But, according to Tina Monshipour Foster, Executive Director of the International Justice Network – the only US organization actively litigating on behalf of Bagram detainees – “The ‘new’ procedures adopted by the Obama administration are not new at all, they appear to be exactly the same as the procedures created by the Bush administration in response to prior court challenges by Guantanamo detainees. The idea of assigning a non-lawyer 'personal representative' who does not legally represent the detainee, but works for the military, is a step in the wrong direction.“

She told IPS, “Only a lawyer who is independent from the government can effectively assist a detainee with his defense against allegations being made by the government.“

The Pentagon denied the BBC’s charges of harsh treatment and insisted that all inmates in the facility are treated humanely.

Another prominent human rights organization, the U.K.-based Reprieve, called on the British Government to take action concerning two Pakistanis who it says the U.K. helped render there from Iraq.

“These men were never in Afghanistan until the UK and the US took them there,” Stafford Smith told IPS. “It is the height of hypocrisy to take someone to Bagram and then claim that it is too dangerous to let them see a lawyer. Even Guantánamo Bay is better than this.”

Since coming to office, US President Barack Obama has banned the use of torture and ordered a review of policy on detainees, which is expected to report next month. But unlike its detainees at the US naval facility at Guantanamo Bay in Cuba, the prisoners at Bagram have no access to lawyers and they cannot challenge their detention.

In April 2009, in a lawsuit brought in federal court by the International Justice Network, Judge John D. Bates ruled that three Bagram prisoners -- two Yemenis and one Tunisian citizen – had the right to petition U.S. courts for their release because they were not Afghans captured on the Afghan battlefield.

But he also ruled that for a fourth appellant, a citizen of Afghanistan, rather than a Yemeni or Tunisian citizen held at Bagram, granting him legal rights might upset the relationship between the U.S. and Afghanistan. Judge Bates dismissed the petition of Haji Wazir, an Afghan civilian held at Bagram without charge for more than six years. The judge ruled that because the petitioner was a citizen of Afghanistan, he had no right to petition the US courts for his release.

Afghan government sources have said prisoners will have a right to appeal their detentions once the US transfers its authority.


By William Fisher

Is the administration of President Barack Obama concealing evidence suggesting that three suicides at Guantanamo Bay were not suicides at all?

That is a question human rights groups, legal experts and national security specialists are pondering on the heels of an article in Harper’s Magazine by Scott Horton presenting whistleblower testimony suggesting that the three dead prisoners likely suffered particularly abusive interrogations in a remote corner of the base in the hours before they died, and their deaths were then passed off as suicides by the Bush Administration.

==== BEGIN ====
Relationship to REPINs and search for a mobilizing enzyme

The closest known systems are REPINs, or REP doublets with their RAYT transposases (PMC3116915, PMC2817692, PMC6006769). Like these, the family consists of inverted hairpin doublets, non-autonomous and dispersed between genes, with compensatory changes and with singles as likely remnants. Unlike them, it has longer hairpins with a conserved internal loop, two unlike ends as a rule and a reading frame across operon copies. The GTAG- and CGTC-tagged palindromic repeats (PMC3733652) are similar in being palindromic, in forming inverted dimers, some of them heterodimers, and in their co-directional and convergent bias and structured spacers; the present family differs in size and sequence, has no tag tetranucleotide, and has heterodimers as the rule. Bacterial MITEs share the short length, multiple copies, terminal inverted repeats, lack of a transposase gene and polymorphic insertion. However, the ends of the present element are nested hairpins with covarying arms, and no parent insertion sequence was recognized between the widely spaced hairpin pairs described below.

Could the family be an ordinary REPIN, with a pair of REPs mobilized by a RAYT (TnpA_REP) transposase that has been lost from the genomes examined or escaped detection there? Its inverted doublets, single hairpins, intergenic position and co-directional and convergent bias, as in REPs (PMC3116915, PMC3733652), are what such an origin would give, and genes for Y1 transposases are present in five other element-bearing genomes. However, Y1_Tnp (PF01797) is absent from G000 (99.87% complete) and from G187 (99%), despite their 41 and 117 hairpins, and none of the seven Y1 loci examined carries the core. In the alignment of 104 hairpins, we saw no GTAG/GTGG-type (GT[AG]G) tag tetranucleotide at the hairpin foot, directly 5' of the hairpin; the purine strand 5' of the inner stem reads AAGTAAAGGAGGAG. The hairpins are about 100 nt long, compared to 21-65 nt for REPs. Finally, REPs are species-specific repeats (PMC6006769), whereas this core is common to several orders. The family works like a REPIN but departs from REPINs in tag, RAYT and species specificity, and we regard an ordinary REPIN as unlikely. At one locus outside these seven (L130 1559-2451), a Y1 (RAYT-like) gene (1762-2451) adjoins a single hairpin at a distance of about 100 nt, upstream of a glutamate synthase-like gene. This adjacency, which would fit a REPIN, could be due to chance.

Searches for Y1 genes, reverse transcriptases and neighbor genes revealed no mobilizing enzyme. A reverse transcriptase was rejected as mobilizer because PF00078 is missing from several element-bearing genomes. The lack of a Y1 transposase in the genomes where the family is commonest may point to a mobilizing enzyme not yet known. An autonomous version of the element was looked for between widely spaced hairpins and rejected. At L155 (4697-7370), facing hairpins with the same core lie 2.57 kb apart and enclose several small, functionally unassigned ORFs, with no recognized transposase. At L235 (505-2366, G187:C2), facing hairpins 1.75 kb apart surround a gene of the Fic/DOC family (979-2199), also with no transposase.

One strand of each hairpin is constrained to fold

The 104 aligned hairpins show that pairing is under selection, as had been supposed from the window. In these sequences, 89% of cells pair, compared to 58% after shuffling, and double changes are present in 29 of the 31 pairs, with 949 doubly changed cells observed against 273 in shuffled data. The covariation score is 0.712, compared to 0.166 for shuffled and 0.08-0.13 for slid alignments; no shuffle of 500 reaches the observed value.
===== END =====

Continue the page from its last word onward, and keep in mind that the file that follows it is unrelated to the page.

Horton presents new evidence from then-Sergeant Joe Hickman, a whistleblower formerly stationed in Guantánamo, that the three dead prisoners were taken to a remote corner of the base in the hours before they died. There they were tortured, GITMO officials came up with the suicide cover, and the Bush Administration capitalized on the panic by ordering further abuse of prisoners, and by spreading self-serving and poisonous lies about the dead men, adding to their families’ distress.

Horton says that President Obama’s Justice Department has refused to fully investigate the incident.

Clara Gutteridge, who is a secret prisons investigator for the London-based legal advocacy group Reprieve, said, "Scott Horton’s investigation indicates that, as usual, Guantánamo’s traumatised prisoners are telling the truth about their treatment. According to our clients, in addition to the secret CIA facility -- and another house on the base where some prisoners were taken to be held in solitary confinement -- there was also a black site run by US marines on Guantanamo Bay Naval Base. It was located outside the main prison, and was known amongst the prisoners as a place where people were taken to be 'broken.' When will these prisoner’s testimonies finally be taken seriously? And when will the perpetrators of these terrible crimes finally face justice?"

George Brent Mickum IV, an attorney who is currently handling a number of Guantanamo cases, told IPS, “There have been 100 deaths of detainees since 2006. Thirty-six of these have been declared homicides. Only one case has ever been prosecuted. The probable reason: The CIA is responsible for these deaths."